Watch out – that amazing job offer could actually just be a crypto-stealing scam, Microsoft warns

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The BlueNoroff cybercrime campaign appears to be going from strenght to strenght after Microsoft spotted yet another criminal campaign it attributed to the North Korean hackers.

Redmond’s security pros recently found BlueNoroff (a part of the Lazarus Group advanced persistent threat, which it calls Sapphire Sleet) impersonating skills assessment portals and using them to steal people’s sensitive data or have them download malware. 

“Sapphire Sleet typically finds targets on platforms like LinkedIn and uses lures related to skills assessment,” the Microsoft Threat Intelligence team said on X. “The threat actor then moves successful communications with targets to other platforms.”

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Distributing malware

BlueNoroff, but also Lazarus as a whole, is a threat actor that’s been seen using fake job ads and targeting professionals in the cryptocurrency industry for years now. With that in mind, the latest campaign that includes skills assessment portals is a “shift in the persistent actor’s tactics,” Microsoft said.

Late last week, security researchers from Jamf warned of a new macOS malware, called ObjCShellz, which was developed and distributed by BlueNoroff. It greatly overlaps with another macOS malware known as RustBucket. 

Microsoft said BlueNoroff usually distributed malware by sending malicious attachments or embedded links to pages hosted on GitHub. However, Microsoft’s quick reactions to remove these threats forced Sapphire Sleet to create a new network of websites used to distribute the malware, the researchers claim.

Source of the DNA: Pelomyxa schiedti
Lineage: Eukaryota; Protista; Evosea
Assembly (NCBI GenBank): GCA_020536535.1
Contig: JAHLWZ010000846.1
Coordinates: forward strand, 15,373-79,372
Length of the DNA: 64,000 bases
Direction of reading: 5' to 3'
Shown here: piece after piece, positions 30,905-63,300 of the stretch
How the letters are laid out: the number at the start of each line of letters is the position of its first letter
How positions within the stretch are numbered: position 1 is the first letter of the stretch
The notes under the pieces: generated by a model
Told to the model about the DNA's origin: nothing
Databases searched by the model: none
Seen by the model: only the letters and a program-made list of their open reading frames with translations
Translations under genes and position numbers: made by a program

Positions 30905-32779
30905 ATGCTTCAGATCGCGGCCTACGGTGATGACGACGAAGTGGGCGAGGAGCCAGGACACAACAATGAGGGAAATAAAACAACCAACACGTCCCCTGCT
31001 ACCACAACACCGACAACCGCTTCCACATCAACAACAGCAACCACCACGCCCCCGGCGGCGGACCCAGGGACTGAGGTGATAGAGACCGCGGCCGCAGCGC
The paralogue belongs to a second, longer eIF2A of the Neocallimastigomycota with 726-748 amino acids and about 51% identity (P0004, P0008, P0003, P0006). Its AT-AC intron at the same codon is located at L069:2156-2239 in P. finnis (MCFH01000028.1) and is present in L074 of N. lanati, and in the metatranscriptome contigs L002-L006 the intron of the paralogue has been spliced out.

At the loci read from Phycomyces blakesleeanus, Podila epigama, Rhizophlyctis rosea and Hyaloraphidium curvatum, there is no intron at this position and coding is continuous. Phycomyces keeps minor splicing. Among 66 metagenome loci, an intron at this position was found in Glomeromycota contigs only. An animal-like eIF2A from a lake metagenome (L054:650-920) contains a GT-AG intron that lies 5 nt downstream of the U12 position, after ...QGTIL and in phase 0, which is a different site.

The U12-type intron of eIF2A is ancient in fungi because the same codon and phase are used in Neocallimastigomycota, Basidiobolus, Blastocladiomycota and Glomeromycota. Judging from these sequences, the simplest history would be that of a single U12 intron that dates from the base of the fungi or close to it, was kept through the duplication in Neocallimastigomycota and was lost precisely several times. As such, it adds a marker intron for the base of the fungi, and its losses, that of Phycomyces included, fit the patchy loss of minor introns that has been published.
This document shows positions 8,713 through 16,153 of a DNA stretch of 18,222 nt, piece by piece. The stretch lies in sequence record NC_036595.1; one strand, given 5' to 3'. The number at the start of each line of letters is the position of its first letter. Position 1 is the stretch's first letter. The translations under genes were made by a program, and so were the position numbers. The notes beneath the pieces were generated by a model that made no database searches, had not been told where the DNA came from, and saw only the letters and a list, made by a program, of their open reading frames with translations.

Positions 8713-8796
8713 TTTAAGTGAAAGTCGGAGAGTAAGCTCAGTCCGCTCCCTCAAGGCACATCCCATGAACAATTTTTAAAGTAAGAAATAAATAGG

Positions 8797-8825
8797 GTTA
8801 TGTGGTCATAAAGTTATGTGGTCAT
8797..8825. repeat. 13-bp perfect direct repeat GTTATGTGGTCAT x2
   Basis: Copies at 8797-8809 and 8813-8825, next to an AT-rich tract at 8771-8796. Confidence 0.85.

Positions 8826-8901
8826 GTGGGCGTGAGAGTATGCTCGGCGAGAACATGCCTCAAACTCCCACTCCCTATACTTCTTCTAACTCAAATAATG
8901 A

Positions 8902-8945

“Several malicious domains and subdomains host these websites, which entice recruiters to register for an account,” the company added. “The websites are password-protected to impede analysis.”

Lazarus Group is suspected to be under the direct command of the North Korean government. Its goals are not always the same, but are usually linked to stealing cryptocurrencies from targets in the West. The money, some sources are saying, are being used to sustain the government and build the nuclear weapons program

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Hackers have started impersonating skills assessment platforms to trick you into giving away your crypto.